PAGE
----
On second thought, change my mind: let's do. There are approximately 30 or so single-family home listings under $700K, and most of them are pretty darn forgettable. But over the $900K benchmark, there are some 250+ ~ and most of those sport a $1.5 mil pricetag or better. I mean worse. Some go as high as $15 million. Quite a few are $7 million but most are sitting right about $1.9 million. I would say that's more the median price point on the market right now. It sure as heck ain't $500K, but for those Californians who've moved north, it's a steal of a deal.

It's a crazy kind of boomtown we've transplanted ourselves into here, and while it's a great place and vibrant and community-oriented and ever-expanding and has the potential for investment growth with real estate, we're starting to question if this choice is real for us, being that we are so many years removed from getting our green card and guaranteeed double income earnings. We can afford to live here and are fortunate to have a very good standard of living, it's true, but at what price?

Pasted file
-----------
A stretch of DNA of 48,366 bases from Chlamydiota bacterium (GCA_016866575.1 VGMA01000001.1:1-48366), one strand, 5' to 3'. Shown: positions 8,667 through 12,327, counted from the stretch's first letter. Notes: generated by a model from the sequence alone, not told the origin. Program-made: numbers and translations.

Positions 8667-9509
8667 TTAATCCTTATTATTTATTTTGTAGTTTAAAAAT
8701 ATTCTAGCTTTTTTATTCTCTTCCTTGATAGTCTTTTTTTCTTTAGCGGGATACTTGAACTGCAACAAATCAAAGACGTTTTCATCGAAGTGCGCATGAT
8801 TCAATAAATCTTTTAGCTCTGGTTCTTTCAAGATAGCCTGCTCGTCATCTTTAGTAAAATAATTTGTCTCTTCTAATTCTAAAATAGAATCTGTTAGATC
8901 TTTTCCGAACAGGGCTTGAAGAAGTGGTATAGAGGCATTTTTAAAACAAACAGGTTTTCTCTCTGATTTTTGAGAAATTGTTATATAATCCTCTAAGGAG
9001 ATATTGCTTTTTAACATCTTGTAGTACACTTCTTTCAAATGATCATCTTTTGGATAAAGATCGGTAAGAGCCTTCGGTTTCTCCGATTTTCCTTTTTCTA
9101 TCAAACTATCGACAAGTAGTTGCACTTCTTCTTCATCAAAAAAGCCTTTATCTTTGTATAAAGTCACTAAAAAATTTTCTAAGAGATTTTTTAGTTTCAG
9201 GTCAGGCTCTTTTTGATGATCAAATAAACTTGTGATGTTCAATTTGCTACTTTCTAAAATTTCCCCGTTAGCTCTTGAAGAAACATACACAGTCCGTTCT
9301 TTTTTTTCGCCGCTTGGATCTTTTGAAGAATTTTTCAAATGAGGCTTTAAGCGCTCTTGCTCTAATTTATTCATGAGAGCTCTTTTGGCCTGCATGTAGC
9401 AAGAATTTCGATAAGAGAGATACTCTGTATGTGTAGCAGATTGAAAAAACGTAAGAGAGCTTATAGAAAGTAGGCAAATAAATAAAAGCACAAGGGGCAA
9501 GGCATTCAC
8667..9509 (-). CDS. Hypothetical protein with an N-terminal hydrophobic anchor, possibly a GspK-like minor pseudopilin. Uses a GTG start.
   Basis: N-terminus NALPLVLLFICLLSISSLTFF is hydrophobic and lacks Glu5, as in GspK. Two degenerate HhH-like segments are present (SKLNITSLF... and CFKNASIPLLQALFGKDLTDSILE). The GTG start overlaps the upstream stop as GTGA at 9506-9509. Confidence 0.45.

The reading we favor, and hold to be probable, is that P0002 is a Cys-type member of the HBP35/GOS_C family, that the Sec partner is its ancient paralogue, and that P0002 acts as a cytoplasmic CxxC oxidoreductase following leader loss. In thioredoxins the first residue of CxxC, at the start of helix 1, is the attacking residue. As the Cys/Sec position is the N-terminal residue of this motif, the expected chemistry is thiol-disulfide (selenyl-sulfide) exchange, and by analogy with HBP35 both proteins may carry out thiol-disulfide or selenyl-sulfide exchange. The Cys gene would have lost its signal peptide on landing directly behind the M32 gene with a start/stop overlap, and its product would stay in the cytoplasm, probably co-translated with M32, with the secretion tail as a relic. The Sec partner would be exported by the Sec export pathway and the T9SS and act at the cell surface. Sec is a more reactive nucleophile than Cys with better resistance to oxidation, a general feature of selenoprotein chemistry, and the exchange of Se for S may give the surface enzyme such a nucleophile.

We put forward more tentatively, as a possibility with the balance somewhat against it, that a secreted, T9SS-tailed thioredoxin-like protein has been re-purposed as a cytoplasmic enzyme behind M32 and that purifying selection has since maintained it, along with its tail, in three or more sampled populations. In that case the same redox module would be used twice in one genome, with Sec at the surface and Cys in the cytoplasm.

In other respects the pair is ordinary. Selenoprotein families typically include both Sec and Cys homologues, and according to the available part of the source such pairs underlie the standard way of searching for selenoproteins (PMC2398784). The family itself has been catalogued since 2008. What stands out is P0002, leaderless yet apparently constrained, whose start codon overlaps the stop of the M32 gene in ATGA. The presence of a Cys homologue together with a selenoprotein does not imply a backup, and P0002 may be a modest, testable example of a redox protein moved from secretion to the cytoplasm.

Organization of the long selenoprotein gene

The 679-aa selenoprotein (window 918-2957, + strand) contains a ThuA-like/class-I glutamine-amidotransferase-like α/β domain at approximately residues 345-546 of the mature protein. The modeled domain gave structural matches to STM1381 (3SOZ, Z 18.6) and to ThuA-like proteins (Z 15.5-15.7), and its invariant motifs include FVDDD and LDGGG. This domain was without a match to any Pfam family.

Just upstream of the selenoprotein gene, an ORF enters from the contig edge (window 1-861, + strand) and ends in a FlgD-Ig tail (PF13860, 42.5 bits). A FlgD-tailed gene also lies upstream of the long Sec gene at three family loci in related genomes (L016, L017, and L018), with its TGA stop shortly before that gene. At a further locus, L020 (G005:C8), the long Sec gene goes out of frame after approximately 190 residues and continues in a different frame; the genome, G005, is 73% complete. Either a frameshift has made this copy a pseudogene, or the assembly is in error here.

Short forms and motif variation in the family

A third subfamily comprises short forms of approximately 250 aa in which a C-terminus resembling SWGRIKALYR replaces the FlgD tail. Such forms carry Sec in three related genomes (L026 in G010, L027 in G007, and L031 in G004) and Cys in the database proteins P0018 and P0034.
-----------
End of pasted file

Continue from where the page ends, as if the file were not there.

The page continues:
Part of me thinks that buying in here and tripling our mortgage debt could pay-off for us in the long run - we can write-off our mortgage interest on taxes, we stop pissing away money to someone else's mortgage payments and we get in on the low, low end of an ever-increasing millionaire homes market.

But another part of me thinks the whole thing is crazy, absurd and just wants to pack it all in - say bye-bye to hubby's decent contract wages and steady overtime pay; see ya to the great locale and milder winters; adios to the bigger pond sports and activities for the kids, etc., etc. - and hightail it to the nearest small town across the border, where the pay would suck but we could buy a house for cash, I could work (7/11 is even starting to look appealing), and we wouldn't be feeling as though we had sold our souls to a mortgage company and the big city rat race, where money must figure uber-prominently if you are even to dream of staying afloat.